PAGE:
It's a question that won't be going away anytime soon: "Is college still worth it?"
Although it feels redundant answering the same question repeatedly, I welcome the opportunity to enter the conversation whenever possible. As a college president, I am very passionate about our mission, my institution, the students we serve, and the individual and societal benefits of an educated citizenry.
Asking the question, "Is college still worth it?" presents an opportunity for higher education professionals to continue to make our case for the benefits of a degree (students benefit not only professionally, but also by becoming well-rounded, thoughtful citizens). We may grow weary of hearing critics ask this question over and over again, but we must never let it go unanswered.
USA Today recently measured the material value of specific majors. Former Secretary of Education William Bennett even chimed in recently on CNBC, saying that prospective college students should weigh other options.
Two Pew Research studies in 2011 reported that 57 percent of Americans believe that institutions do not provide good value for the money and 75 percent say it is too expensive for most people to afford. Ironically, 86 percent say that it was a good investment for them personally!
But the facts remain. According to the U.S. Department of Labor, the unemployment rate in 2011 for people in their 20s with at least a bachelor's degree stood at 5.7 percent, less than a third of the level of workers with only a high-school diploma or G.E.D., which stood at 16.2 percent.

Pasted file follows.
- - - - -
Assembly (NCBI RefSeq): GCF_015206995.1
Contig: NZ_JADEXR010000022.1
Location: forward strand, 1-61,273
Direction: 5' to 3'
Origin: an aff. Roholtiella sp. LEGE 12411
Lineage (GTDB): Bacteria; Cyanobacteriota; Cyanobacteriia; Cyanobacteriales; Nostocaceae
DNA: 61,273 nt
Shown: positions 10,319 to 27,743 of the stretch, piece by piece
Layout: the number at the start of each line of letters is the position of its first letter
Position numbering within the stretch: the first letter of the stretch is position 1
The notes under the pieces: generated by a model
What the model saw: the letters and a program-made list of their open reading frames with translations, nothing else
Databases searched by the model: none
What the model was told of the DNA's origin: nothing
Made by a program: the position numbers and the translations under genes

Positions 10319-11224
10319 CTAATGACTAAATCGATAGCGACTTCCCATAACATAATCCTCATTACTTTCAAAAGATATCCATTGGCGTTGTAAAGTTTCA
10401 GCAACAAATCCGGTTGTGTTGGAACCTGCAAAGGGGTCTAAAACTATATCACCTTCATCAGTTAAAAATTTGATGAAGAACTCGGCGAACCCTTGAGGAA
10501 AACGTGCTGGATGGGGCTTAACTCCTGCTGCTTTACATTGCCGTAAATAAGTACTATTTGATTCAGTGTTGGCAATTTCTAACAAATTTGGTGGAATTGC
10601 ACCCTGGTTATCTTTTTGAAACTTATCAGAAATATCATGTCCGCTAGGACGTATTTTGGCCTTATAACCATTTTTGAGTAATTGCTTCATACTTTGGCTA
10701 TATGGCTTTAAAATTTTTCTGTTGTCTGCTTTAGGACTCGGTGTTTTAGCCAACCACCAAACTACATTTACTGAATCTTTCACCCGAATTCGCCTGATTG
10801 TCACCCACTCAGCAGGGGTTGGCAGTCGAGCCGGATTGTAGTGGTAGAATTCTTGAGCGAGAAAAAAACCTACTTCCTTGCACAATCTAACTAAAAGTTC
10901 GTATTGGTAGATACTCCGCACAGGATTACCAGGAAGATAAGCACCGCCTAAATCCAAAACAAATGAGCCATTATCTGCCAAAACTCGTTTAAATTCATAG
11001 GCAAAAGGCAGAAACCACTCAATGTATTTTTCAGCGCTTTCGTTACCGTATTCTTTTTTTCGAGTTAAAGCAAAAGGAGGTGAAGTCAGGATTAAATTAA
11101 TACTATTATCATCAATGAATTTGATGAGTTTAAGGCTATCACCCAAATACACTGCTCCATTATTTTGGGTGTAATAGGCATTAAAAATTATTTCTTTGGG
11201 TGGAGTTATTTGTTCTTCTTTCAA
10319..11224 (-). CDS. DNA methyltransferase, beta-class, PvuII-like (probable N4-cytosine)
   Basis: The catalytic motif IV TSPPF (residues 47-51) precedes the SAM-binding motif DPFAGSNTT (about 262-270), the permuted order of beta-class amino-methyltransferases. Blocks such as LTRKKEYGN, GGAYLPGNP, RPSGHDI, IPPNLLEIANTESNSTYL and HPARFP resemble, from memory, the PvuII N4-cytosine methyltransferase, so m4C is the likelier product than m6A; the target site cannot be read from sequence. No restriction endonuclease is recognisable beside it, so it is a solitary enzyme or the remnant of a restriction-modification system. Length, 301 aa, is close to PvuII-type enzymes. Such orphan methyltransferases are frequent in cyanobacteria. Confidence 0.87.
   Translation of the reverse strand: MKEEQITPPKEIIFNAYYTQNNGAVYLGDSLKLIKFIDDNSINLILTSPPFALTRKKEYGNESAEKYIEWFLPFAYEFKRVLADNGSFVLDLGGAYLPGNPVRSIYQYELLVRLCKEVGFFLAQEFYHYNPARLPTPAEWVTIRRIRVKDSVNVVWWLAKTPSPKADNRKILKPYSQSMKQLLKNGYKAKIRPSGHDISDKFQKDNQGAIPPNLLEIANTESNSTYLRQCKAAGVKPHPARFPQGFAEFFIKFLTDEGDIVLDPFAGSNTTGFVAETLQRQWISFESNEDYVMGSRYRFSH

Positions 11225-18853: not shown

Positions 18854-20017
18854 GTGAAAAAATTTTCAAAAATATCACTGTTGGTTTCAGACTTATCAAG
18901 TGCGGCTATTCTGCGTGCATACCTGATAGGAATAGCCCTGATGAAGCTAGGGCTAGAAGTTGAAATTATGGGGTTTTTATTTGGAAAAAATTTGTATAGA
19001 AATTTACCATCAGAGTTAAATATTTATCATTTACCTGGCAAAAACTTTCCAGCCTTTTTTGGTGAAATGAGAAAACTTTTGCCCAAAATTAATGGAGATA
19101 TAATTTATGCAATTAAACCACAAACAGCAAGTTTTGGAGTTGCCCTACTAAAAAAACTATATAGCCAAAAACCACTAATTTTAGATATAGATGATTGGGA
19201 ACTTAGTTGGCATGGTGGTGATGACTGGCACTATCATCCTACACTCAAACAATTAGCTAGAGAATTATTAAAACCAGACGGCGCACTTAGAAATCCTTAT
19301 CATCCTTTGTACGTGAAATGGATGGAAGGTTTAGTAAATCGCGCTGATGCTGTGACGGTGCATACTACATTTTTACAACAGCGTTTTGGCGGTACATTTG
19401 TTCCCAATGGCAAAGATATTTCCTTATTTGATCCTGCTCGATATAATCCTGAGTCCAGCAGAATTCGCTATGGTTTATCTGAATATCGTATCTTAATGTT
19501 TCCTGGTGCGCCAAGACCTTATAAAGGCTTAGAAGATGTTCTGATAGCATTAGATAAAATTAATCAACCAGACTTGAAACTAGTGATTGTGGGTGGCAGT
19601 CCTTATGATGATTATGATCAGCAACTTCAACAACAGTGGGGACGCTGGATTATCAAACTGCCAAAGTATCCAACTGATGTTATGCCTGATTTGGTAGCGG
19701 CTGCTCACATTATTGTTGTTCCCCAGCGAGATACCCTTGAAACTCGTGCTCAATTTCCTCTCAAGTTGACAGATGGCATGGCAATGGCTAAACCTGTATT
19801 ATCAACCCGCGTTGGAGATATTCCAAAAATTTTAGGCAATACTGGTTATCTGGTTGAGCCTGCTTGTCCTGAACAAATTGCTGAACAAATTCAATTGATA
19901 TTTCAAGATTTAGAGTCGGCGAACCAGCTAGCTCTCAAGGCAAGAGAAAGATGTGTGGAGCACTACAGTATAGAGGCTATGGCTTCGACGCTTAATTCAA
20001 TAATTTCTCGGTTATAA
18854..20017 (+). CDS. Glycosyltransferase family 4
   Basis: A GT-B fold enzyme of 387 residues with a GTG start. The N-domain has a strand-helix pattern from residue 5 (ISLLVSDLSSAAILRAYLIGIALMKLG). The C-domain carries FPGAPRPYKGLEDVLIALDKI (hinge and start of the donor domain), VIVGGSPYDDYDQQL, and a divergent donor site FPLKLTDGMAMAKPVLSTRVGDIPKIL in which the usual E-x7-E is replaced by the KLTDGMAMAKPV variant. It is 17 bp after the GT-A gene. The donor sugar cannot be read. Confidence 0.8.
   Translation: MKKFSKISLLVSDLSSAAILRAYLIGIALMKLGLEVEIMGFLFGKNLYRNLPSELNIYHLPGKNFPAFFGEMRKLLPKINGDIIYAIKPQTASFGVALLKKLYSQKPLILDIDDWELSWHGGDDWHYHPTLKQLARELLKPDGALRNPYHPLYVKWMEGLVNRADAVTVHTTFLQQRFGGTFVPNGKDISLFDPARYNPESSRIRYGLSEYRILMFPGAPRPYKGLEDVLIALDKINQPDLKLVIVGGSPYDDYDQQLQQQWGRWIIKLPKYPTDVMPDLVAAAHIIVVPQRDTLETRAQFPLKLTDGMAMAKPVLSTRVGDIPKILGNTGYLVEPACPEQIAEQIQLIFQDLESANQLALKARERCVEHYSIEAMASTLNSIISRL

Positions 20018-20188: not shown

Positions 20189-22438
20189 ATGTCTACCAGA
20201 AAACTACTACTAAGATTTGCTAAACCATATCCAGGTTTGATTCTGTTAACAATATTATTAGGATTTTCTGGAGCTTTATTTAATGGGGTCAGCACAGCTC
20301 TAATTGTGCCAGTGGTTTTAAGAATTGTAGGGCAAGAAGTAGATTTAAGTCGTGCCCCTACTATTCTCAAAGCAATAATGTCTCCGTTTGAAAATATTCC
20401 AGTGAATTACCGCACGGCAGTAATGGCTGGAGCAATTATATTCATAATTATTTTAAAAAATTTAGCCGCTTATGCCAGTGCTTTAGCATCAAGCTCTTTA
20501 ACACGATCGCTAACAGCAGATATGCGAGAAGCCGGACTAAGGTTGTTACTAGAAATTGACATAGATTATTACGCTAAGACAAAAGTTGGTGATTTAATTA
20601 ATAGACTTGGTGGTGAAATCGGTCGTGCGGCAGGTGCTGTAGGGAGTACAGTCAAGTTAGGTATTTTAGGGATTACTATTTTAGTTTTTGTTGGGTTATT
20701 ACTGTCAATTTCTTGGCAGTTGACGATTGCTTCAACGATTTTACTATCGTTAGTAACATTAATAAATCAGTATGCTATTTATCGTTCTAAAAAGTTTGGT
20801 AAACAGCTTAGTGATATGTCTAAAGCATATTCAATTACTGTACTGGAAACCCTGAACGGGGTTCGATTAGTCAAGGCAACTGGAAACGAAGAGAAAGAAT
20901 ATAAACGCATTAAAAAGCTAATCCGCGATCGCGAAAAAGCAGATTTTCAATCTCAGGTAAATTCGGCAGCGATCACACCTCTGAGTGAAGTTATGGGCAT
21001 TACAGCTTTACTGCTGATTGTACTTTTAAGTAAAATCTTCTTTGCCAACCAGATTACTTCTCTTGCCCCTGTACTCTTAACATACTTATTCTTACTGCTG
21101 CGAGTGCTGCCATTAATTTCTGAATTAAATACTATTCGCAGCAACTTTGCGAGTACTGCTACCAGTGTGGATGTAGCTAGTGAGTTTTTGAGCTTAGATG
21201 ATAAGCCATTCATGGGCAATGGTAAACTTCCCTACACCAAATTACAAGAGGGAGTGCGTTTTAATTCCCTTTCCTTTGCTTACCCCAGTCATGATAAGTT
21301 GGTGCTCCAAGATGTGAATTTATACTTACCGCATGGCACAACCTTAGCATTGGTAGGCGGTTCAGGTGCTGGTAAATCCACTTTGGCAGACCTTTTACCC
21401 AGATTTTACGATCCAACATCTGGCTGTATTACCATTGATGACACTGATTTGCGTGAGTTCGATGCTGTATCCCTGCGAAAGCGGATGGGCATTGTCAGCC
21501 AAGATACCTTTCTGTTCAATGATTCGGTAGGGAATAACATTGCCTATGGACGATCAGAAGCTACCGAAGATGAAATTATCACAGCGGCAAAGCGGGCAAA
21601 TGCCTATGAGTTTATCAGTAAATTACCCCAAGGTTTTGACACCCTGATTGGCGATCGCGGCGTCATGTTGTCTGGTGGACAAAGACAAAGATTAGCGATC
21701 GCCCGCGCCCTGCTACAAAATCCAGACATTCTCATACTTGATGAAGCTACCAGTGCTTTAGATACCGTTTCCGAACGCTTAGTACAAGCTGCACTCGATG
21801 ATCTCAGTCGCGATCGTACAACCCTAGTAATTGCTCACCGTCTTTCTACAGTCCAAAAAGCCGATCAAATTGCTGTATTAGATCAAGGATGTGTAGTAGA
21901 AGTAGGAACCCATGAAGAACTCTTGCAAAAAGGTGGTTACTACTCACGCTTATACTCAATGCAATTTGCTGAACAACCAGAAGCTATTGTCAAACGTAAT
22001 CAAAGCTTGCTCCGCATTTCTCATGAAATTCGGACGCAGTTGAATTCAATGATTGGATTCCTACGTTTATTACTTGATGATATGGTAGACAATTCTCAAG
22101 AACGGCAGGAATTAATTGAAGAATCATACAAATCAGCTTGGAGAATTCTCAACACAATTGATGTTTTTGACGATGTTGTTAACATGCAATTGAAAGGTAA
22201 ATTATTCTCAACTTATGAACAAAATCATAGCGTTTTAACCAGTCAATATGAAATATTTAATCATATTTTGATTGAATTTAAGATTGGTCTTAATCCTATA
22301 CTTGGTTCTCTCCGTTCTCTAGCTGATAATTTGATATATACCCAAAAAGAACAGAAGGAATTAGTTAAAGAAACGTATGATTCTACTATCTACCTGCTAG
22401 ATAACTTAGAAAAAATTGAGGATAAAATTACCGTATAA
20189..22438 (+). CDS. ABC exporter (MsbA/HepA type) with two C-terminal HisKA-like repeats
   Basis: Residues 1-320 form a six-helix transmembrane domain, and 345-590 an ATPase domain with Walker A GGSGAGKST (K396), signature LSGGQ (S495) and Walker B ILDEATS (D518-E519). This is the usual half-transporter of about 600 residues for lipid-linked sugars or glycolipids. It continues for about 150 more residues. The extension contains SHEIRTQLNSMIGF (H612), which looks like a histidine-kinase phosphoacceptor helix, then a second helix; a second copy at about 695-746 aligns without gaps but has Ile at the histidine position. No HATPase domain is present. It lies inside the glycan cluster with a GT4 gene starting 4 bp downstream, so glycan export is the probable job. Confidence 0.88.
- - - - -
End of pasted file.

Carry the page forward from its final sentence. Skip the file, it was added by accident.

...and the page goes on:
Perhaps even more highly scrutinized than the return on investment that a degree offers after graduation is the cost accrued while students are still on campus. Certainly, colleges and universities need to find ways to lower costs, but students and parents are both perpetrators and victims of high college costs. Students and parents have high expectations of what a college is supposed to offer well beyond the education itself, but they resent the price tag when they see the costs associated with meals, housing, psychological counseling, medical facilities, fitness centers, all the latest technology, athletic programs, fitness centers, and other costly extracurricular amenities and services.
Instead of compiling six figures of debt to obtain a degree, prospective college students and their parents must analyze their personal financial situation as well as their educational needs, motivations, and goals. Issuing a blank check can have negative ramifications. We read a lot about paying too much for college, but you can also pay too little. If you do not get the education you really need -- even if you do receive a diploma -- the return may never be realized.
Perhaps the better questions for prospective students to be asking are:
Which colleges are worth it?
Which college is best for me?
Can I achieve my goals at a less prestigious and less expensive school?
Small classes with lots of personal attention from gifted teachers with Ph.D.'s are costly. But getting lost or left behind in a lecture hall of 500 students for a much lower tuition can ultimately cost the individual more. College is always worth it when you find the one that opens new possibilities for you, enriches your skills, intellect, and social network, helps you earn your diploma and doesn't bury you in debt. Indeed, the average student loan debt for all borrowers at private, non-profit, four-years colleges is $29,000, but the average debt for college graduates is only $19,500.
Students need to assess their needs, motivation, abilities, and financial circumstances and then choose a school that offers them the best chance of earning their degree. College loan debt without a good education and degree is the most costly of all circumstances and a real issue for unfortunate millions.